The shocking deaths of iconic fashion designer Kate Spade, 55, and gifted chef and storyteller Anthony Bourdain, 61, are spurring important discussions about mental health.
They are also a chilling reminder that a sudden death can affect any family.
A number of the leading causes of death in the United States are events that could happen without warning. Heart disease, accidents, stroke and suicide are among the top ten leading causes of death across the country, according to data from the Centers for Disease Control and Prevention.
Regardless of the cause, an unexpected death has an enormous impact on a family mentally, emotionally and physically. It can also affect family finances, depending on the amount of planning the deceased had in place.
Here is what financial advisors, attorneys and therapists recommend in the event of a death in the family.
Secure financial and legal documents as well as important items like the deceased's keys, wallet and phone.
Locate the will, if there is one. If an executor is named, it is his or her responsibility to lead going forward.
Having organized financial documents will help you prioritize expenses going forward, including funeral arrangements and the family budget.
"Really assess the situation and figure out the things that have to be taken care of right away," said Mitchell Kraus, partner and financial advisor at Capital Intelligence Associates in Santa Monica, California.
Finding an expert, like an attorney or financial planner, will also be helpful.
"Someone with experience is going to be very helpful in this situation," said Douglas Boneparth, president of Bone Fide Wealth in New York City. They can "balance the quantitative side, but also hold the hand of the grieving spouse, child or family member."
Make sure that you get the support and help that you need as you grieve.
"A supportive group of friends and family can make all the difference," said Amy Moran, a psychotherapist and author of "13 Things Mentally Strong People Don't Do."
She also said that not everyone needs treatment to deal with grief; for some, a support group or religious community will provide what they need to heal.
Taking care of yourself is key, said Kraus.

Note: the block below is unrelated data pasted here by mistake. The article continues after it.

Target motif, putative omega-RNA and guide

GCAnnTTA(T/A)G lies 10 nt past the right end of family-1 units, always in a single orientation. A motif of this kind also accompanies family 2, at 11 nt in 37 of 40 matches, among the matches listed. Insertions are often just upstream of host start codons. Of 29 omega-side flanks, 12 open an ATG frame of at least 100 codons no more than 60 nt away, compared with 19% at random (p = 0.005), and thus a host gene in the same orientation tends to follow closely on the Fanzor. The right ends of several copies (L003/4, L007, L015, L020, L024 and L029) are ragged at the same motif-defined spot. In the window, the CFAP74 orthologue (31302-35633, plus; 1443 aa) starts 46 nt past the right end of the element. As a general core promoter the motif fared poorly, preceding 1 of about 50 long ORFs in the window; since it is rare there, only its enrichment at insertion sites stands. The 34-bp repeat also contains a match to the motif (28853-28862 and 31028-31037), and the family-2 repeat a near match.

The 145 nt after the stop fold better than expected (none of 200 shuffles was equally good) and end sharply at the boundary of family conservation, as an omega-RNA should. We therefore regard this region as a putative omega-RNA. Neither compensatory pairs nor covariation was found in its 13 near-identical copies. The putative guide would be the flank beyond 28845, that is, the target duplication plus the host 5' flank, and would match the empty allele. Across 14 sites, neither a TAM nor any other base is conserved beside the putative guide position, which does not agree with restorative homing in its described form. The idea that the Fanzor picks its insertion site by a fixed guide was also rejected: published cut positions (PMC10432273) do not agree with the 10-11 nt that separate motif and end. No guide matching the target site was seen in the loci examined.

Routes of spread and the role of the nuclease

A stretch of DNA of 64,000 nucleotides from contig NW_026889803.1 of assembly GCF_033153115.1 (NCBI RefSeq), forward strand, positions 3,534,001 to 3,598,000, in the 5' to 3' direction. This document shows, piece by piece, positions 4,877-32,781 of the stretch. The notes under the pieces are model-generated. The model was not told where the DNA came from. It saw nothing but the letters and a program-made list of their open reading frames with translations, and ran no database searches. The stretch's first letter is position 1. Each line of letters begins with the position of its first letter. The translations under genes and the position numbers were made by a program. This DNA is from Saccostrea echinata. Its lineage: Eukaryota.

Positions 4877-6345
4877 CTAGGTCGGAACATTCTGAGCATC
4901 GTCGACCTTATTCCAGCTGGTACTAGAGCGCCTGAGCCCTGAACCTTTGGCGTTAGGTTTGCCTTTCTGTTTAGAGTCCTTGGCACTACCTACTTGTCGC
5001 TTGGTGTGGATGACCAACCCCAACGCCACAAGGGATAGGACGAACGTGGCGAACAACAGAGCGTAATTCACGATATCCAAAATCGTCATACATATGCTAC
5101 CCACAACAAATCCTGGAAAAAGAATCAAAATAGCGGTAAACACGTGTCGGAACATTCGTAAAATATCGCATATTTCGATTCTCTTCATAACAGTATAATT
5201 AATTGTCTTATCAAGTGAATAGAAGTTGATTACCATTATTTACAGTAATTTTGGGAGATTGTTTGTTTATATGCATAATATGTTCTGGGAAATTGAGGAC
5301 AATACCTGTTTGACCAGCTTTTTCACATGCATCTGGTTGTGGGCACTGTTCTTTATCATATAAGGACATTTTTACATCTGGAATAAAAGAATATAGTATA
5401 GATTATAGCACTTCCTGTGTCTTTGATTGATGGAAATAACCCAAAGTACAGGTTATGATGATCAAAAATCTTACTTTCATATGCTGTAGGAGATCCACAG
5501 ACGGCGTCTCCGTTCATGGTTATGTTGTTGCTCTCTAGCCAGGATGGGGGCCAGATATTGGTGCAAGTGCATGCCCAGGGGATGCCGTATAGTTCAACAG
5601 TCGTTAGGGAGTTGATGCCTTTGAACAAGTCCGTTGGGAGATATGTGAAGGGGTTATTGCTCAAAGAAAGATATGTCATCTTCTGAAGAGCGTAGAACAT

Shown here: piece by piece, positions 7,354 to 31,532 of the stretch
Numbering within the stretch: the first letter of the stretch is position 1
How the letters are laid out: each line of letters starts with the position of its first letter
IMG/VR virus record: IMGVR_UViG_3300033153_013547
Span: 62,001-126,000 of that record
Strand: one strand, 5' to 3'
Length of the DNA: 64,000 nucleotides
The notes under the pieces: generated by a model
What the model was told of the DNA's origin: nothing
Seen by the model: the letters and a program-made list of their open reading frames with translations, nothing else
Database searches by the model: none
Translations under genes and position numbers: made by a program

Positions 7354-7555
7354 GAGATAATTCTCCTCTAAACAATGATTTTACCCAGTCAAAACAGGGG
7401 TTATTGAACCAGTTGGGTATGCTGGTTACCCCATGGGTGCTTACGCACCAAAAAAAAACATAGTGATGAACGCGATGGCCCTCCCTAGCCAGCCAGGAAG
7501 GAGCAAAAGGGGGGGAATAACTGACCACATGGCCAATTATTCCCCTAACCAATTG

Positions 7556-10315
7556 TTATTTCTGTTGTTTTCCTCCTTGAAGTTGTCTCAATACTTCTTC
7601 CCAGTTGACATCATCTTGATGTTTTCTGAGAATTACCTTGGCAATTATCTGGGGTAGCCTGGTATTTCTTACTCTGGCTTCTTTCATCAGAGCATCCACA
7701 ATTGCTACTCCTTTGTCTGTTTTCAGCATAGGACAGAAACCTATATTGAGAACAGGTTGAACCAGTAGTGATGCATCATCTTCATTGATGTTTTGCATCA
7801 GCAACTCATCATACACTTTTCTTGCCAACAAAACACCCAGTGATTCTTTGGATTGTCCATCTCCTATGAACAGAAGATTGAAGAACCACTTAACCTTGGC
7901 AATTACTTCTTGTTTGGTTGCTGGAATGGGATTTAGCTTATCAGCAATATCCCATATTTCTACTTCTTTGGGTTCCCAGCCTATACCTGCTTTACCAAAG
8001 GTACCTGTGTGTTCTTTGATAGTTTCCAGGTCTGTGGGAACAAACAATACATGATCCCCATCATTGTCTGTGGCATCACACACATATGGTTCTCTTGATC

"Finances need to be taken care of, but if the emotional side is not taken care of then the finances won't come to fruition," he said.
It can be tempting to make big life changes right away, but advisors and counselors say to wait.
"When you're grieving you are not thinking clearly and when you're sad or anxious you could make a decision you will regret later," said Moran.
If you do need to make a big financial decision, Moran said to seek the advice of a financial advisor or another objective third party to help weigh the pros and cons.
While preparing for death can seem morbid, it's important to talk about estate planning with your family and have a plan.
"The classic line is 'I don't want to burden my kids with this stuff,'" said Boneparth, "But by not doing it you leave behind a massive mess."
An attorney can help you put together basic estate planning documents, like a will, power of attorney and healthcare proxy.
If you work with an attorney to draw up these documents, make sure that you communicate both the name of your attorney who drafted the documents and your wishes to your family.
"If this were an amusement park, it would be the worst ride in the park," said Boneparth. "It's not the coolest or the most fun thing to do, but it's the most important to do."
In addition, make sure that your plans are up to date. You should revisit them periodically, especially amid life-changing events, including marriage and the birth of a child.
"It's good for people to review their estate planning on a regular basis to be sure they're on top of any changes in the law, " said Juliette Levin, an attorney in New York. She recommends going over your plans every three to five years.
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